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Russia’s President Vladimir Putin chairs a meeting on economic issues in Moscow on February 17, 2022. (Image: Alexey Nikolsky/Sputnik/AFP via Getty Images)
Russia’s President Vladimir Putin chairs a meeting on economic issues in Moscow on February 17, 2022. (Image: Alexey Nikolsky/Sputnik/AFP via Getty Images)

The BulletinMarch 8, 2022

New sanctions law to target Russia

Russia’s President Vladimir Putin chairs a meeting on economic issues in Moscow on February 17, 2022. (Image: Alexey Nikolsky/Sputnik/AFP via Getty Images)
Russia’s President Vladimir Putin chairs a meeting on economic issues in Moscow on February 17, 2022. (Image: Alexey Nikolsky/Sputnik/AFP via Getty Images)

The regime in Moscow and Russia’s oligarchs could now see assets frozen and blocked from New Zealand, Justin Giovannetti writes in The Bulletin.

A new law will speed through parliament this week to sanction Russia.

Twelve days after Russia’s invasion of Ukraine, prime minister Jacinda Ardern has unveiled legislation to create a bespoke sanctions mechanism aimed at Vladimir Putin and his regime. It’s a historic break for New Zealand and a sign of fracturing in the multilateral system the country has long relied on. Until now, Aotearoa’s diplomats had depended on the United Nations to create sanctions at the global level. As RNZ reports, the new Russia Sanctions Bill will apply to the Russian state, along with any of its allies. With the bill expected to clear parliament under urgency tomorrow, it will extend to Russian oligarchs who have supported the invasion. Under the sanctions, certain Russian-owned superyachts, ships and aircraft will be barred from entering New Zealand.

The sanctions will only grow with time as more Russians are added.

The first tranche of sanctions will be relatively straightforward and could be in place by next week. They will include banking restrictions which will close New Zealand to much Russian money, as well as an extended travel ban list. The ministry of foreign affairs unveiled the first 100 names of Russians banned from New Zealand, with Vladimir Vladimirovich Putin at the top of the list. A second tranche will be more complicated and could include the assets of some oligarchs with investments in New Zealand. The prime minister didn’t want to name any by name, certainly not the richest Russian investor in the country, who alone might have $50 million worth of assets here. Stuff wrote about the intense spotlight on billionaire Alexander Abramov last week.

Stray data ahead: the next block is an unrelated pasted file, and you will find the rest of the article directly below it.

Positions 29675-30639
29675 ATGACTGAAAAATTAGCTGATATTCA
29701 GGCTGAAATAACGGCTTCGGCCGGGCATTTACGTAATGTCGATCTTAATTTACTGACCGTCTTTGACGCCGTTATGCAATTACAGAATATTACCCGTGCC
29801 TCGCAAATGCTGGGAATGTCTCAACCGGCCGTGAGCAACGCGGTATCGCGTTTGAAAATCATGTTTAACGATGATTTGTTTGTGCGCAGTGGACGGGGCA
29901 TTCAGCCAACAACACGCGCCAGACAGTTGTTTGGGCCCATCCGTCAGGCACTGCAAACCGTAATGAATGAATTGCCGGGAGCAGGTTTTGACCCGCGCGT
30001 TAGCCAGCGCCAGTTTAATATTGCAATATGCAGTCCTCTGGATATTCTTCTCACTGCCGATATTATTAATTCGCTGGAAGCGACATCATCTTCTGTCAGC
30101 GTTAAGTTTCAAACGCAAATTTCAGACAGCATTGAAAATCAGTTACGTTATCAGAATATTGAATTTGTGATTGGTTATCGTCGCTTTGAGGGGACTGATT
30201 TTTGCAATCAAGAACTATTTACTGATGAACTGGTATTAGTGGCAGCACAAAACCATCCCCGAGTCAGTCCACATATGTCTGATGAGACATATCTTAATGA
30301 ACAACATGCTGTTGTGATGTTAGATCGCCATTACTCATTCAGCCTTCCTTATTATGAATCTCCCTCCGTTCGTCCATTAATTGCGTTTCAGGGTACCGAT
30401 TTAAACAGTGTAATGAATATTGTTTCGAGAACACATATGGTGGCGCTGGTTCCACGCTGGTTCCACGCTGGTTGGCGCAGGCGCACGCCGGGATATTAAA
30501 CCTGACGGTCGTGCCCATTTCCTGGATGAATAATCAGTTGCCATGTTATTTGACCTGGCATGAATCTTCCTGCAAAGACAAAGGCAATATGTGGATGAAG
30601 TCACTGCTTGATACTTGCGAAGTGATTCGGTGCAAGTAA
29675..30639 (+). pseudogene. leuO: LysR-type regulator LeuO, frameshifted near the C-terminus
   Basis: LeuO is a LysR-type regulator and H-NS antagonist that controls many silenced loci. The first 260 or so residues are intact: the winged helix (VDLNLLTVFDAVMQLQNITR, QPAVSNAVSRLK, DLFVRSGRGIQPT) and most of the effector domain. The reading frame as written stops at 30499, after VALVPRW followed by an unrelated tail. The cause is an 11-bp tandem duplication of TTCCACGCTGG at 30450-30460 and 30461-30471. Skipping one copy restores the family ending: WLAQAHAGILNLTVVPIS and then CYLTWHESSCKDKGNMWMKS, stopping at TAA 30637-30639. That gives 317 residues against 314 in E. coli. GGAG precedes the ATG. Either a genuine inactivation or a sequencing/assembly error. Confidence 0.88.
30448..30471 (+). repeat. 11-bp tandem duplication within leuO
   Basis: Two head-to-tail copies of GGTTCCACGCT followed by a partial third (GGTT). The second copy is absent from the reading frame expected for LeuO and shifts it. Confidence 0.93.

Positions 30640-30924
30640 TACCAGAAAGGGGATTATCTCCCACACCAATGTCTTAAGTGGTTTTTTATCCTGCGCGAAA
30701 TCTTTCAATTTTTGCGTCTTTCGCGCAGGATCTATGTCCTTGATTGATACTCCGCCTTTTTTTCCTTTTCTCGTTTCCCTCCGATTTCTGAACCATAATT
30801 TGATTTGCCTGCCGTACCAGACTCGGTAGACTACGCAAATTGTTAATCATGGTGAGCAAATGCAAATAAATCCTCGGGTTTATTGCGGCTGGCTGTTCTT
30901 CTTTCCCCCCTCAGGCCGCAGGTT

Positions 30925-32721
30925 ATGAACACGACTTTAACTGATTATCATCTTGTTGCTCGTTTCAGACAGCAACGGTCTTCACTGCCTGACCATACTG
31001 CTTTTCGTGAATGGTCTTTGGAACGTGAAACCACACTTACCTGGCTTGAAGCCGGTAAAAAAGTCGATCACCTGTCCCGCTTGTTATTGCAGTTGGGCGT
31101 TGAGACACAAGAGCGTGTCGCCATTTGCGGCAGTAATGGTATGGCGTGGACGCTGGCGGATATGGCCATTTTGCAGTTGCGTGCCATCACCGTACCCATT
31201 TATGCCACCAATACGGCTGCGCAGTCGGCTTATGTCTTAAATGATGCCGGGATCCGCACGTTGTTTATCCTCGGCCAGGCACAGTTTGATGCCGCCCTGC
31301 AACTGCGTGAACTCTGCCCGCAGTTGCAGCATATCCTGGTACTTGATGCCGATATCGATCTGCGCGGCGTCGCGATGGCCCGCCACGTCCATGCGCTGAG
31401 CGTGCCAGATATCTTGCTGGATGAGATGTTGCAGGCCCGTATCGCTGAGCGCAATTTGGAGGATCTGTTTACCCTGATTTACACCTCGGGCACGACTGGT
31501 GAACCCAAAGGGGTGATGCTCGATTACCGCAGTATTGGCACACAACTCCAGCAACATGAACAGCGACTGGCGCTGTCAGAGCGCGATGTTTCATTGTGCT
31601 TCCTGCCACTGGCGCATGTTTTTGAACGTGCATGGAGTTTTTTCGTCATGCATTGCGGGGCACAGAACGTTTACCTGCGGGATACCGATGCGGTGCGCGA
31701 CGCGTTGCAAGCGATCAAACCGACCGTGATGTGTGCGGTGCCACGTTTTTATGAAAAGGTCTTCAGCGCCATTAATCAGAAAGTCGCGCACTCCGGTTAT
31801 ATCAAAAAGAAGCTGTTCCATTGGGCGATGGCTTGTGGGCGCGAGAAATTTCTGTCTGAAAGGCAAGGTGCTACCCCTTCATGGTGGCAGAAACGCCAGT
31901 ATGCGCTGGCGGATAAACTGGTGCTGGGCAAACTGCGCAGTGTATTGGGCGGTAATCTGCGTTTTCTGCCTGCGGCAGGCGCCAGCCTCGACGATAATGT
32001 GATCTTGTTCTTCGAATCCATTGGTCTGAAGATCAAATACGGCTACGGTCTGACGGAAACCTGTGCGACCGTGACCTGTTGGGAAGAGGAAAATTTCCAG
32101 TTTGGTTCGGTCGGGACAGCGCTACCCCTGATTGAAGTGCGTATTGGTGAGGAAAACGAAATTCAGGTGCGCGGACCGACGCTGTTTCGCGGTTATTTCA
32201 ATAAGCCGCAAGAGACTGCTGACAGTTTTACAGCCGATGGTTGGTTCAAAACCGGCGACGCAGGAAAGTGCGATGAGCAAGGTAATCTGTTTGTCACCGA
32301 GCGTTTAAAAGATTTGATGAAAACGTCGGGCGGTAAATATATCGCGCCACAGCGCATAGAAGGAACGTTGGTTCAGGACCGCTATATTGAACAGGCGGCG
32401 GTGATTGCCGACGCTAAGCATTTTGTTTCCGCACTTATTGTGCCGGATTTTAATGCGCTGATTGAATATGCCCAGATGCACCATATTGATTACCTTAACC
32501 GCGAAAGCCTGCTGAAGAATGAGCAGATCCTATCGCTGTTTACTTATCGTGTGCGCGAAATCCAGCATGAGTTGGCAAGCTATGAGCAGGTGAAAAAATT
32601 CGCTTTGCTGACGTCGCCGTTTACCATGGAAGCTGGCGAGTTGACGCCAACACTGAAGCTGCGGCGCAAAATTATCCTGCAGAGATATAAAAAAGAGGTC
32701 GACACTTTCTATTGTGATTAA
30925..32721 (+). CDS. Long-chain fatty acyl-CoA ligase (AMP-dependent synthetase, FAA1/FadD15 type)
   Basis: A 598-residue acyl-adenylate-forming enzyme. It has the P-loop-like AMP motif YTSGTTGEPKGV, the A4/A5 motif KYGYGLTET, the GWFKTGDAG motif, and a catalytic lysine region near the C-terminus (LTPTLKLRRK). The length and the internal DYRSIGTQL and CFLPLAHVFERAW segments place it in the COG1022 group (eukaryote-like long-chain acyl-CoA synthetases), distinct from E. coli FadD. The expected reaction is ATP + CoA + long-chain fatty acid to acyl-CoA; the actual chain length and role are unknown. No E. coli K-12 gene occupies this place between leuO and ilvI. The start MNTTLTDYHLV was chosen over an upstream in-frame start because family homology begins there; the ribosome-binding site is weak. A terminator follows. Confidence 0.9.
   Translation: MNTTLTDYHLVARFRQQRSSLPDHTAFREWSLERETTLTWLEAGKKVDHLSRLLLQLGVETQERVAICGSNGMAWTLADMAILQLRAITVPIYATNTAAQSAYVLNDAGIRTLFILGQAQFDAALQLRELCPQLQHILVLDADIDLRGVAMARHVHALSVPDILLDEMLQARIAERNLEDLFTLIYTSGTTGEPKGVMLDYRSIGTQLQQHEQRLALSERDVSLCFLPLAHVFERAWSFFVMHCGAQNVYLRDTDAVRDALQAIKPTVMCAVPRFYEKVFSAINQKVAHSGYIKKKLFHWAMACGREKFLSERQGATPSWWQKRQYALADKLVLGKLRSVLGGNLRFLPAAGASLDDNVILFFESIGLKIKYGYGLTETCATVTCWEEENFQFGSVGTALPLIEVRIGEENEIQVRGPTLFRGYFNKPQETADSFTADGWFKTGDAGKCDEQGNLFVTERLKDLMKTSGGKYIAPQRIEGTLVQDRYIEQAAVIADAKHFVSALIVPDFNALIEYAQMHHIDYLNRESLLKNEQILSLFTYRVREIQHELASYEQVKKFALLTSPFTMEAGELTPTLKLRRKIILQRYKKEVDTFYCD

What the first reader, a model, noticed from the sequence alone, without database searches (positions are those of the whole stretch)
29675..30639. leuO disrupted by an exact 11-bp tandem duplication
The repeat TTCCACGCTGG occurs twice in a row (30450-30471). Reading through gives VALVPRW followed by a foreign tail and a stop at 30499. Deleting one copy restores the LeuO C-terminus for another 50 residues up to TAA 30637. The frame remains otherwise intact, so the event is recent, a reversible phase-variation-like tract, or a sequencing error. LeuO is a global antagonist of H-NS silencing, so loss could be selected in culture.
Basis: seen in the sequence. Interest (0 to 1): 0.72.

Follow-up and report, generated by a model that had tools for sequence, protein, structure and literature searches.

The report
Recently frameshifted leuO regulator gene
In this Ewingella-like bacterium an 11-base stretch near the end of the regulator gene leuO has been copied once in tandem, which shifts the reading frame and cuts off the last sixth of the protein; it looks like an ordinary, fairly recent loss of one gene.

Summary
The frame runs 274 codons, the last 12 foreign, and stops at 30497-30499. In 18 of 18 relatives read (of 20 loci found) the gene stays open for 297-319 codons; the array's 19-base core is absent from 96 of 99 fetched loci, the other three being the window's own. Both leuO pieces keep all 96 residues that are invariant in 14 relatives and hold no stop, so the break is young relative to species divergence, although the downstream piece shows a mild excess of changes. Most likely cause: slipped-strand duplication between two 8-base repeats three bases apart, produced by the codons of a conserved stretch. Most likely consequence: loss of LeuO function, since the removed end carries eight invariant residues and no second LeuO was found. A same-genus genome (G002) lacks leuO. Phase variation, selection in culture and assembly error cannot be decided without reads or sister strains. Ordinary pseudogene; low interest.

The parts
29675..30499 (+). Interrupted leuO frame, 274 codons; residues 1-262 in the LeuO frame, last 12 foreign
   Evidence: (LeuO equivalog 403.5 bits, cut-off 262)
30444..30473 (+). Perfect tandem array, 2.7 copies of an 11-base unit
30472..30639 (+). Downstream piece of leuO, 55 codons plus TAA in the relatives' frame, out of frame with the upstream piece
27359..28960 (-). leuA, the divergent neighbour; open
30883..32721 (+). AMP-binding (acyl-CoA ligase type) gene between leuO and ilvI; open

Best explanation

New Zealand’s sanctions follow similar moves by most of our traditional allies.

“Despite international condemnation, and the resilience and resistance of the Ukrainian people, Russia’s assault continues and so must our pressure,” Ardern said at a press conference yesterday. As Stuff reports, a more permanent sanctions law will be coming soon. The prime minister criticised the previous National government for flagging the lack of a local sanctions mechanism in 2012 and only writing a bill to deal with the problem five years later in 2017. To be fair, it was a bill her government then refused to pass over the following five years. Cabinet will now be looking at a possible autonomous sanctions bill in the coming weeks that could be used in similar future occasions. Ardern confirmed that Ukraine has requested military hardware from New Zealand, but said the defence force doesn’t hold enough supply to be helpful. Instead, the government pledged $2 million in humanitarian assistance.

You might be wondering if sanctions will do enough.

By itself, New Zealand’s moves yesterday would have little impact. But it’s part of a massive and coordinated global response over the past two weeks. The combined effect has been enormous. The head of Russia’s central bank worse funereal black when she appeared on TV and is mourning her country’s economy, The Guardian reports. The rouble has lost a quarter of its value in days and the Russian economy is now set to enter a severe recession. As for Putin himself, he may have lost something yesterday. He hasn’t been to New Zealand in two decades (we think), but it’s possible Putin was here more than once as a young KGB officer. As Metro reports, there’s good evidence Putin worked out at a judo academy on Cuba Street and travelled the country during two visits under fake papers. It’s a wild story.

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